We will head to Princeton at the end of next week to celebrate my 20th reunion (where we will take advantage of those great fences and tents whose arrival marked the end of my undergraduate year).  It is my first reunion in my life where my grandfather won’t be there.  I didn’t know the reunion in 2011, when I walked with him, was the last.

There is so much beauty and so much loss.  There is laughter in the dark with my teenage daughter just an hour after holding her last baby tooth in my hand.  There are tears in the lower school gym as my son, now the Big Kid on the stage, dances to Soul Man and then to a song from Rent which reminds me of college.  There is aggravation that the Ecuador presentation doesn’t seem ready, and in the wake of that irritation, I feel simultaneously thankful that Jesus this is the last time and mad at myself for not fully appreciating this, the last time I’ll hear a child practice their 5th grade presentation.

Still, then tinges now, and no matter what I do, I can’t run away from the shadow of loss the haunts every single moment of this life.  The magnolias bloom but even as my head spins with their gorgeous beauty I know how transient it is, and preemptively mourn the brown puddles they’ll be on the sidewalk in a matter of days.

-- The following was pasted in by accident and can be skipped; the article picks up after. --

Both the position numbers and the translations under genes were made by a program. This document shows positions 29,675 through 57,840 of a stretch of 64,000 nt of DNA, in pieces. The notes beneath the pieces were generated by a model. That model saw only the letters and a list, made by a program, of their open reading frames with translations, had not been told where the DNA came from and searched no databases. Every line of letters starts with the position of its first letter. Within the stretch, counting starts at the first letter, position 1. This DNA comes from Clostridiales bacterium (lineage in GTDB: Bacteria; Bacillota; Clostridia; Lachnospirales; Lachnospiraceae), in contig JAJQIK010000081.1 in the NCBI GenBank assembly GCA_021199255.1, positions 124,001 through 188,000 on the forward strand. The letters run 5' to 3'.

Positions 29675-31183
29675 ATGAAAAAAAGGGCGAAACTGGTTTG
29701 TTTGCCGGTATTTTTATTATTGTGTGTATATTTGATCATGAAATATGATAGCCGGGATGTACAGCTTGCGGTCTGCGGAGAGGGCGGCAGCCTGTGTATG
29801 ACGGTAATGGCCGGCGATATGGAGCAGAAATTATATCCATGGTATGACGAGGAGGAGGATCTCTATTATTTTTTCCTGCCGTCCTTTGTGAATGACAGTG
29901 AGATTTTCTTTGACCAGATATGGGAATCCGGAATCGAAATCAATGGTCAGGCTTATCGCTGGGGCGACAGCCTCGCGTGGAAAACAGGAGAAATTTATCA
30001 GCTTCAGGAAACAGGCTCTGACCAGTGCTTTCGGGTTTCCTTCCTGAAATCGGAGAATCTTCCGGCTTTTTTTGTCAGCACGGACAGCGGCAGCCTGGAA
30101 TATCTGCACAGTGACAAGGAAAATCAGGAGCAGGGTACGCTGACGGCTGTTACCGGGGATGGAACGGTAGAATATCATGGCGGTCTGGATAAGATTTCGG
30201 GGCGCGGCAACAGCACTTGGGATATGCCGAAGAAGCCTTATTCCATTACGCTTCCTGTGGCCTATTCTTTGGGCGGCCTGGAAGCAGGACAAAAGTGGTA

Teeth, concerts, presentations.  Commencement, graduation gowns, canvas tents.  My friends, my grandfather, my children.  It’s all one big, glorious swirl, this life, alleluia and farewell, loss and beginning, love and tears.  Every single day.

 

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wresting wisdom and joy

Hope is an orientation, an insistence on wresting wisdom and joy from the endlessly fickle fabric of space and time.

– Krista Tippett

Thank you to Courtney Martin, in whose Twitter feed I found this gem.

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Thank you

Thank you.